What counts as success in life? That is, what is the measure of a successful life?
Success is a life well lived, a life that has enabled the person to flourish as much as circumstances permit. The last clause of the previous sentence – as much as circumstances permit – is essential. A person born into a famine-ravaged area of Africa will necessarily live a radically different life than a person born with affluent European parents. A person born to a crack addict mother is far more likely to have damaged genes than a person born to a healthy mother is; the former is also more likely to have few advantages individually and socially during her/his early formative years. In other words, external parameters over which a person had no control dramatically influence options for flourishing.
Human flourishing is not synonymous with gene propagation, i.e., having children. First, earth’s human population has neared or exceeded the maximum population of humans that the earth ability can sustainably carry. Consequently, promoting gene propagation – population growth – is not in the best interest of the planet or of humans. Second, not all humans have the resources or ability to parent well. A child born to such parents may actually diminish rather than enhance parental flourishing. This is not, however, a call for social or genetic engineering. Humans do not have sufficient wisdom to know which set of genes reared in what environment will contribute the most to future human flourishing.
Nor is human flourishing synonymous with material success. The size of a person’s dwelling, the number of dwellings a person owns, the type/number of vehicles owned, the size of financial holdings, or simply the quantity of stuff that a person possesses (filling garages, house, and rented storage facilities) seems to correlate with a meaningful measure of flourishing. I’ve known and ministered to too many unhappy affluent people to equate flourishing with material success.
Human flourishing, at a minimum, entails becoming as fully human, fully alive, as situationally as possible. This entails:
· Maximizing self-awareness or self-transcendence, enabling self-understanding and differentiation from what is not the self
· Developing one’s linguistic capacity, the capacity for cognitive thought and communication with others, both of which depend upon manipulating symbols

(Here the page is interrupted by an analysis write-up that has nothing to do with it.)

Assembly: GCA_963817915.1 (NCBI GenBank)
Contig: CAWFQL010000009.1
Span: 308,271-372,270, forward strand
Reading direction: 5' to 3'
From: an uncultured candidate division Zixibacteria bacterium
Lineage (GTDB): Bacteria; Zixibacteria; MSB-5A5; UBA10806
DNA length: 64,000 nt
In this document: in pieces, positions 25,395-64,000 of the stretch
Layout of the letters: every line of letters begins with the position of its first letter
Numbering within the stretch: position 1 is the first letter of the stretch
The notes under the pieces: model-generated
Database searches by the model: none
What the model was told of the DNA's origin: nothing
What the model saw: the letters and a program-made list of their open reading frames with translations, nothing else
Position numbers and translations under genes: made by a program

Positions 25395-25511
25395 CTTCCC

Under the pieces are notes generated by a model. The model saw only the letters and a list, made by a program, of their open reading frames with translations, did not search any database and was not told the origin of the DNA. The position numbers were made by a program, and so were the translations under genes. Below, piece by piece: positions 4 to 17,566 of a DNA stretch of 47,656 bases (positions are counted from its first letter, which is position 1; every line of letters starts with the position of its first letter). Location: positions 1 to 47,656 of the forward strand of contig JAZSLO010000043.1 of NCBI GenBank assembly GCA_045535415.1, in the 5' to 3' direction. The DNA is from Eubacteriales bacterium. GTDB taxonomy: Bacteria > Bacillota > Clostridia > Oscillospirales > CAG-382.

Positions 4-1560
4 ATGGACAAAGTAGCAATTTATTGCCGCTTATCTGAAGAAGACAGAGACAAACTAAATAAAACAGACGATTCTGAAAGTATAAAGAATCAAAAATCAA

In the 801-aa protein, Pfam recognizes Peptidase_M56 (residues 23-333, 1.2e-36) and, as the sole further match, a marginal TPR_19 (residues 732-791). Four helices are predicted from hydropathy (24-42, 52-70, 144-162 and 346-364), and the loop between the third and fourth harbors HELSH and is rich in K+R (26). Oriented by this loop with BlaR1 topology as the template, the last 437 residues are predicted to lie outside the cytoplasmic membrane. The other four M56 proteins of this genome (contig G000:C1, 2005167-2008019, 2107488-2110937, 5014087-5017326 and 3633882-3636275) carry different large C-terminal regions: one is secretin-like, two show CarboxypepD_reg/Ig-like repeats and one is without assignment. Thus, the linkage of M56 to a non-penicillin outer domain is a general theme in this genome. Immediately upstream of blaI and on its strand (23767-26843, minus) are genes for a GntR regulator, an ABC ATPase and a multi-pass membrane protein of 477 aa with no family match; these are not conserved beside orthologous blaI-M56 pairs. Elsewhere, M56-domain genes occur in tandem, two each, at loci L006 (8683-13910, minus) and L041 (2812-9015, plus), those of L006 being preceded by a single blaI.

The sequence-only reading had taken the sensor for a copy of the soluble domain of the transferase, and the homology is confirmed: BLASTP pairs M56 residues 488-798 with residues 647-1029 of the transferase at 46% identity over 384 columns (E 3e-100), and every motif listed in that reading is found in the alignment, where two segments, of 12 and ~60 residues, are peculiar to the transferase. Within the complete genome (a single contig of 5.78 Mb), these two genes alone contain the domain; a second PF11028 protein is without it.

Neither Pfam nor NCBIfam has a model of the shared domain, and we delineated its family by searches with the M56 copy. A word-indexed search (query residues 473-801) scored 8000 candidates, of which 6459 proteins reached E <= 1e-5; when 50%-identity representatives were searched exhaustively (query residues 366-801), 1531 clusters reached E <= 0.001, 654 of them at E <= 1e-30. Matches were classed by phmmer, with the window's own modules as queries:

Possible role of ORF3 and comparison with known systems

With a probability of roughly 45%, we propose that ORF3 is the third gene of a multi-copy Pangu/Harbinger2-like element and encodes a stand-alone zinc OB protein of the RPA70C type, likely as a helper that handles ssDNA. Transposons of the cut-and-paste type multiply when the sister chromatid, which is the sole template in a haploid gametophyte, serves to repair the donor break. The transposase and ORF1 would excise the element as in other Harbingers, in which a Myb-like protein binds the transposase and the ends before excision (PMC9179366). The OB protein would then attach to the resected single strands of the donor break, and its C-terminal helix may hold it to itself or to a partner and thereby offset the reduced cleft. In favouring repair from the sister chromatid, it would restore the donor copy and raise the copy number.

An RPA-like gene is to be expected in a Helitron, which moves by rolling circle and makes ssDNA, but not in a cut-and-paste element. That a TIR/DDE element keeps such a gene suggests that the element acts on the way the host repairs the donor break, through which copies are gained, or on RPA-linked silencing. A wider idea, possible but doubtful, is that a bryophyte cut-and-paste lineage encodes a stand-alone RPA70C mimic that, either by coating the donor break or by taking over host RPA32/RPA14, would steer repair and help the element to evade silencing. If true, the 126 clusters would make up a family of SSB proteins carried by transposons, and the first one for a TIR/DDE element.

· Enjoying one’s aesthetic sense by identifying and cherishing beauty in self, others, and the world as a means to add pleasure, value, and new insights
· Engaging in creative acts to introduce novelty and innovation, seeking to enrich life qualitatively (aesthetically, pleasure, ease, material comfort, etc.) or quantitatively (longevity or gene propagation)
· Becoming progressively autonomous, exercising increasing control over one’s thoughts, feelings, and behaviors
· Loving and being loved, to experience more of life through relationships.
Recently, I read Anthony de Mello’s Awareness, a posthumous collection of this well-known twentieth century spiritual writer’s material presented at retreats he conducted. De Mello emphasized that achievement, appreciation, and applause are not genuine sources of human success. Instead, he argued that humans should seek awareness or enlightenment, the latter term perhaps indicative of his roots and the context of much of his ministry having been in India.
De Mello also highlighted the existential loneliness of each human being, at times implicitly devaluing the importance of relationships. This may reflect his formation as a Jesuit Roman Catholic priest. Most (all?) humans seem to have an innate yearning for relationships with other humans. If those relationships prove less than satisfactory, then a human may invest that relational drive in pets or even an organization. But flourishing seems to invariably connote relationships, i.e., loving and being loved.